No more war, never again; no more war
The Australian War Memorial is set for a controversial AU$500 million dollar redevelopment which, according to a Canberra Times poll, more than half of Canberrans are opposed to.
If it goes ahead, the redevelopment would replace Anzac Hall with a huge new exhibition space to display decommissioned military vehicles from recent conflicts. But critics argue that the vehicles do not add anything to the purpose of the War Memorial which is to honour Australia’s war dead.
There are also fears that a new development would ruin the Australian War Memorial’s unique nature, with former national president of the Institute of Architects, Clare Cousins, saying that “over-development will lead to significant adverse loss of the qualities that make the AWM nationally significant”.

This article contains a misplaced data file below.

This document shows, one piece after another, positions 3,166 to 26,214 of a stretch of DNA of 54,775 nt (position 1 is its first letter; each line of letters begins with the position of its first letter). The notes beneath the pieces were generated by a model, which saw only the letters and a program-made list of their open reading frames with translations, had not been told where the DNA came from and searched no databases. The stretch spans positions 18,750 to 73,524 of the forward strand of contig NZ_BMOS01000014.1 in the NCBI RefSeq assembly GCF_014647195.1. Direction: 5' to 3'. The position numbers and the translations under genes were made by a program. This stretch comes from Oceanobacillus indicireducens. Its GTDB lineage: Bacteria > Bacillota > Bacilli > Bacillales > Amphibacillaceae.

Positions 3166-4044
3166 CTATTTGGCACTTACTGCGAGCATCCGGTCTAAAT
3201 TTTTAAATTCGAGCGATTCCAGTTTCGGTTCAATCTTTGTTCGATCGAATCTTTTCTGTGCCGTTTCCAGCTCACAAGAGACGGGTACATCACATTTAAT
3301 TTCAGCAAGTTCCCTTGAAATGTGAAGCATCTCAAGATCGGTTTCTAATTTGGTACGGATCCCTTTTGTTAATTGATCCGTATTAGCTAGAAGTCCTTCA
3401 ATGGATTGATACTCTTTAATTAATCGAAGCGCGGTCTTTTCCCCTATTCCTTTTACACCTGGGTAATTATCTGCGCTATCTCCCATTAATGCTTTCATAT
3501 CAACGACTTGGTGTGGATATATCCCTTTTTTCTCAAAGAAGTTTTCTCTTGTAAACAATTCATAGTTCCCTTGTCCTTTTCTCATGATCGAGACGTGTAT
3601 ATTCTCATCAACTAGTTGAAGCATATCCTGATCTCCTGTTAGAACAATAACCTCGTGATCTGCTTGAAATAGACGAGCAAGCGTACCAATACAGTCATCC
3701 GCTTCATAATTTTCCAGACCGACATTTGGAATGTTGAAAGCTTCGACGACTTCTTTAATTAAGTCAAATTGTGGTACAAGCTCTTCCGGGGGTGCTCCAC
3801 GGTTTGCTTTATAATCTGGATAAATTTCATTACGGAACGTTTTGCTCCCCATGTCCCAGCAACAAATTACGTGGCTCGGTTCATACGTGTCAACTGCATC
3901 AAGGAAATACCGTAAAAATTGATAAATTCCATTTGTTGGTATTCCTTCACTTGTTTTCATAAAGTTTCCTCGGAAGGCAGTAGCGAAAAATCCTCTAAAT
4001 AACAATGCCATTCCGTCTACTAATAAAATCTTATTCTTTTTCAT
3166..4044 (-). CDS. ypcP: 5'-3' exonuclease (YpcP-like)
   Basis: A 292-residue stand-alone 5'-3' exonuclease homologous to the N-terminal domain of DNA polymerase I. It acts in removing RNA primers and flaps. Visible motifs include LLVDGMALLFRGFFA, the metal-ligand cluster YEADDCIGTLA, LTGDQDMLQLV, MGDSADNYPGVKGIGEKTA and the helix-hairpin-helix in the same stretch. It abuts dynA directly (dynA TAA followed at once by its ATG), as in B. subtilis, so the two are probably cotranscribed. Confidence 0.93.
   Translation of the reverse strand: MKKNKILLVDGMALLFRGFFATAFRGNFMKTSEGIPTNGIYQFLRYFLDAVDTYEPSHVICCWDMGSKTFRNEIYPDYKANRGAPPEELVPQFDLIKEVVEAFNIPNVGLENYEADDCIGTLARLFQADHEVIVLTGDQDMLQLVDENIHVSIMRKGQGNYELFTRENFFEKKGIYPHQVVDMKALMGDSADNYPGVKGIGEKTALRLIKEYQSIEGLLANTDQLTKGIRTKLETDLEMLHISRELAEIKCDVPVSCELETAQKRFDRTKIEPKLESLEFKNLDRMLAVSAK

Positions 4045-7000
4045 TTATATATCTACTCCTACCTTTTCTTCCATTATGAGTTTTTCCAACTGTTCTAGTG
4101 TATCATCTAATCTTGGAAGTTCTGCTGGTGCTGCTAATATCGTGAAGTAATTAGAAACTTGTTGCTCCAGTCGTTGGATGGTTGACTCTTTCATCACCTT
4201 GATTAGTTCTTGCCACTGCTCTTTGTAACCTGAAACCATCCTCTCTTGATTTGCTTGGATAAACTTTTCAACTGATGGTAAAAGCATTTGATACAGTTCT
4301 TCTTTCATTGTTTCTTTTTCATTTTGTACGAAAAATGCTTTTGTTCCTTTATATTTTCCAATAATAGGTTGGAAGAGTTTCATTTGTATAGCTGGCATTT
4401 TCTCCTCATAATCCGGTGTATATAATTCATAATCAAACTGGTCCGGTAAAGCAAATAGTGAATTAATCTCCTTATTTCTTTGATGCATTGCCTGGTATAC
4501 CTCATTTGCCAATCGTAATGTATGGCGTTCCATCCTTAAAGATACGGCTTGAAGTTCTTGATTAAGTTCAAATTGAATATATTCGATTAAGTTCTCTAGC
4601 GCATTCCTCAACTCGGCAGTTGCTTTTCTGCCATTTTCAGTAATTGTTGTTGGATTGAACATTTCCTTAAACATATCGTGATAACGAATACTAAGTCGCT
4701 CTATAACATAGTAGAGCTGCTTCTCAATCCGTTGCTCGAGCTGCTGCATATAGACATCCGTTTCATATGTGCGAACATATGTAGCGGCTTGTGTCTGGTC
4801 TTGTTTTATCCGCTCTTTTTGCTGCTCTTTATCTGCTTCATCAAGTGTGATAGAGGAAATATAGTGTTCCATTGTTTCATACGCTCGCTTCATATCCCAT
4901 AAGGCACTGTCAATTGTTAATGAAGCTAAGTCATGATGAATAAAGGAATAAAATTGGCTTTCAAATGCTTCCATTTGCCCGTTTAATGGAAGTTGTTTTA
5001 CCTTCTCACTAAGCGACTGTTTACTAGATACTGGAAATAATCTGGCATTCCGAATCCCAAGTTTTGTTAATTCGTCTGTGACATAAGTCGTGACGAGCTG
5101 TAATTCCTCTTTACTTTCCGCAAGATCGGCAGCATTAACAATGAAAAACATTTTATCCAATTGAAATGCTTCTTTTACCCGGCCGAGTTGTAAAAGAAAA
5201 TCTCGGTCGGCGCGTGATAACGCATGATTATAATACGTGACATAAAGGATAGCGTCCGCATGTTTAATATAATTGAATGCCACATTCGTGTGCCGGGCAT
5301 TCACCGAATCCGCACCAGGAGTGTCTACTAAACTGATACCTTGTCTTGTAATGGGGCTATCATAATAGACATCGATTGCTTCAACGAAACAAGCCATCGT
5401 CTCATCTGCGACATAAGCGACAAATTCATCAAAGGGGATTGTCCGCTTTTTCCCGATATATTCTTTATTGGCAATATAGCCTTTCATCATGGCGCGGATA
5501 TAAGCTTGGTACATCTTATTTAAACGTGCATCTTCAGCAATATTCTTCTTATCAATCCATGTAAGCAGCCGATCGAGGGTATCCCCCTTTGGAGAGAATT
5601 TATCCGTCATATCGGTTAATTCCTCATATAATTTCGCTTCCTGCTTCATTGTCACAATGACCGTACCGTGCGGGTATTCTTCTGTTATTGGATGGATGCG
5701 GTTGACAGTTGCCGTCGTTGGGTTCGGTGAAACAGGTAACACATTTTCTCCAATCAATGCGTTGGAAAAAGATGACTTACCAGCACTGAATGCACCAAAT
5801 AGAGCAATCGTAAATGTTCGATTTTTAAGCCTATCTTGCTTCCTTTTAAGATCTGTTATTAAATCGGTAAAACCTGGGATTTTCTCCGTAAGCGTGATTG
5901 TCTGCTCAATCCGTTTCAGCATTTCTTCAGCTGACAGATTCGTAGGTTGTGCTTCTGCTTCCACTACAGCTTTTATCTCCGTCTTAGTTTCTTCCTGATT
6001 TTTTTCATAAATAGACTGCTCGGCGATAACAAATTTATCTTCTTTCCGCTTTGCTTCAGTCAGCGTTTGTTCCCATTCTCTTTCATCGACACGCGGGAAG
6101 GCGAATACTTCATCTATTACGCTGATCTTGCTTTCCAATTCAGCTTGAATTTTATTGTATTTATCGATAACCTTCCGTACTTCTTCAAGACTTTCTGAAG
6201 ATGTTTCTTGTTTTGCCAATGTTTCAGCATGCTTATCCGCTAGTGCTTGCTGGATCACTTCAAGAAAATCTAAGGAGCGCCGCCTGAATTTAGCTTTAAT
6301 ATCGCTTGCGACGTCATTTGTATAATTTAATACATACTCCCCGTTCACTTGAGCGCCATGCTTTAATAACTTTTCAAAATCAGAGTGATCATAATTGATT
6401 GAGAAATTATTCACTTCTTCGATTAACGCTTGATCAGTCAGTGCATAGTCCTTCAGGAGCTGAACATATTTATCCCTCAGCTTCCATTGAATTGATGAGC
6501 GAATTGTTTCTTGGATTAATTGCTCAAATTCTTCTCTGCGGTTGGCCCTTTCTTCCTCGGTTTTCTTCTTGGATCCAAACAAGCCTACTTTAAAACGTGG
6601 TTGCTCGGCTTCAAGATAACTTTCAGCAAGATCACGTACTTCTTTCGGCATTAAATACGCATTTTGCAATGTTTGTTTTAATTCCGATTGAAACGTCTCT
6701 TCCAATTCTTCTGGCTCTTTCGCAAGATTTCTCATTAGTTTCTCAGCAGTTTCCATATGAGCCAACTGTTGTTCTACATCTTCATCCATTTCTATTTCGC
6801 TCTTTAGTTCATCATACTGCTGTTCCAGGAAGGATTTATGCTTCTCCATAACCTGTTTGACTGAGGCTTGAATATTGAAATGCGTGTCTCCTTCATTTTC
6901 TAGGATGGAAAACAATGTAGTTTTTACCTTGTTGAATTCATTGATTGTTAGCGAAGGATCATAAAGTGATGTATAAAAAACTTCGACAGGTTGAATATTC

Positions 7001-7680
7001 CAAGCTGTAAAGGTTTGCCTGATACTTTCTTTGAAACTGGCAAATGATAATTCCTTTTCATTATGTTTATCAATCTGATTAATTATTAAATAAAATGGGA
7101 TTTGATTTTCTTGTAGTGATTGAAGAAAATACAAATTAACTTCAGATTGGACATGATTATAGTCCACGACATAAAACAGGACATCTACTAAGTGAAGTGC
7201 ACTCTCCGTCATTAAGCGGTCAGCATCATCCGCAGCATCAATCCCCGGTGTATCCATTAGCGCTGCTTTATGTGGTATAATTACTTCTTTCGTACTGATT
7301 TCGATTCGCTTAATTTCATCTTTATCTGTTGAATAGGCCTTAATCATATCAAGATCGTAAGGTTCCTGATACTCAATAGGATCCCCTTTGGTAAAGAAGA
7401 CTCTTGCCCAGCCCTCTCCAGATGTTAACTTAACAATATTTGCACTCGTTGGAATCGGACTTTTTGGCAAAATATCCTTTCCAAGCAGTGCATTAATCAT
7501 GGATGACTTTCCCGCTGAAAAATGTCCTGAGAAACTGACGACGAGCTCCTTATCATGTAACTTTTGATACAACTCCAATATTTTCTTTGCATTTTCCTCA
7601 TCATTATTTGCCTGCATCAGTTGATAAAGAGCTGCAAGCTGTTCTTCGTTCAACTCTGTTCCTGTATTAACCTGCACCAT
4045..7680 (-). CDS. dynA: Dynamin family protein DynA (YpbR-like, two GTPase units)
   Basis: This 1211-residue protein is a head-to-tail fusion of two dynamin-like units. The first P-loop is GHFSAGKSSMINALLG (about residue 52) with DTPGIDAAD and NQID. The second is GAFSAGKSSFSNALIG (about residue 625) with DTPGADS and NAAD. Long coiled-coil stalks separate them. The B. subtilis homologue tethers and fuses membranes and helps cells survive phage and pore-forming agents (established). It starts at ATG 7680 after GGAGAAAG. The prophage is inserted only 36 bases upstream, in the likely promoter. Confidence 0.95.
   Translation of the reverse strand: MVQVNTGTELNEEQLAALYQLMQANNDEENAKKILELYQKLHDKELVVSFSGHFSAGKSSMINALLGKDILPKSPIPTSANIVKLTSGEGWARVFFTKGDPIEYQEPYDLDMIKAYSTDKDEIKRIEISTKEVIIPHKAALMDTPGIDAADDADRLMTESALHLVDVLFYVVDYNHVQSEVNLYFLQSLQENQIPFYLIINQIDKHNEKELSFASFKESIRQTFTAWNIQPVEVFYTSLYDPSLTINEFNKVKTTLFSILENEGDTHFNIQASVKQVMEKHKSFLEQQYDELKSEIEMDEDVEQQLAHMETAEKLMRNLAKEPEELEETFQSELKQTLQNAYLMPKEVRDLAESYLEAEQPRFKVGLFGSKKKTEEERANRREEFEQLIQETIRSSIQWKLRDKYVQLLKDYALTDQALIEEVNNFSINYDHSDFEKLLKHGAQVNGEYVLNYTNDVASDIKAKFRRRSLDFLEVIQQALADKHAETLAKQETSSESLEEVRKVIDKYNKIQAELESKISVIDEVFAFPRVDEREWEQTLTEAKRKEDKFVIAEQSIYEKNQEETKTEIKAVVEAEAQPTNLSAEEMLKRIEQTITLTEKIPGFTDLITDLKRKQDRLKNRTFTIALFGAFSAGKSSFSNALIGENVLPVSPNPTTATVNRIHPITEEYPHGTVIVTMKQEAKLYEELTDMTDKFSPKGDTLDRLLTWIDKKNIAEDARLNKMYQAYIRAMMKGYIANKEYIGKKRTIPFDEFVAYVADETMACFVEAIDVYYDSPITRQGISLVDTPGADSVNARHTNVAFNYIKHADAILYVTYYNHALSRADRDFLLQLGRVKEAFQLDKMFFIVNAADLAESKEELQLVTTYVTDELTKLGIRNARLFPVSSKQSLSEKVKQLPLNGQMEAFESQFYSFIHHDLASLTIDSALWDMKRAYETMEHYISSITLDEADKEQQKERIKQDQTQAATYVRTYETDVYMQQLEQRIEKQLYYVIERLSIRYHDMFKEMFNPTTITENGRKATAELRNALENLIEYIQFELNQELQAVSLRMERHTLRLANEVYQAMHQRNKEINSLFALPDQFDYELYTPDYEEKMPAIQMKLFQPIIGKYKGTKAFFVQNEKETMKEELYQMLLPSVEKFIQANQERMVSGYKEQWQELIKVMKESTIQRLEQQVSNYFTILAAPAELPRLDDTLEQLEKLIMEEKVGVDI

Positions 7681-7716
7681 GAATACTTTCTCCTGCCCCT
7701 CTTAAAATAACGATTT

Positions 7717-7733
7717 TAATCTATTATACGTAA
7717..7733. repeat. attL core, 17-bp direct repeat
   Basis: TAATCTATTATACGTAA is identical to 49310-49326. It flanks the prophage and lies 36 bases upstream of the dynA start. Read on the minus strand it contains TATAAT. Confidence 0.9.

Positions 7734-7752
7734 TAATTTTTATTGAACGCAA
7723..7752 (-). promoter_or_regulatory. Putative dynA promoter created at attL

A lack of process is also causing concern for many opponents of the redevelopment, who say the destruction of Anzac Hall is both unnecessary and expensive. Anzac Hall was built in 2001 at a cost of $17 million dollars, and currently houses the majority of the Memorial’s aircraft. The hall has been praised for its design and is considered an integral part of the War Memorial itself.
When the War Memorial was opened in 1941 by Governor General Lord Gowrie, he said that people should come out of the Memorial saying “no more war, never again; no more war.” Critics argue that the proposed redevelopments would stray from that original message, becoming a showcase for Australia’s military firepower rather than a reflection on the devastating nature of war.
Renowned war historian and former War Memorial Deputy Director, Michael McKernan, reflects on why the proposed redevelopment is being met with public resentment.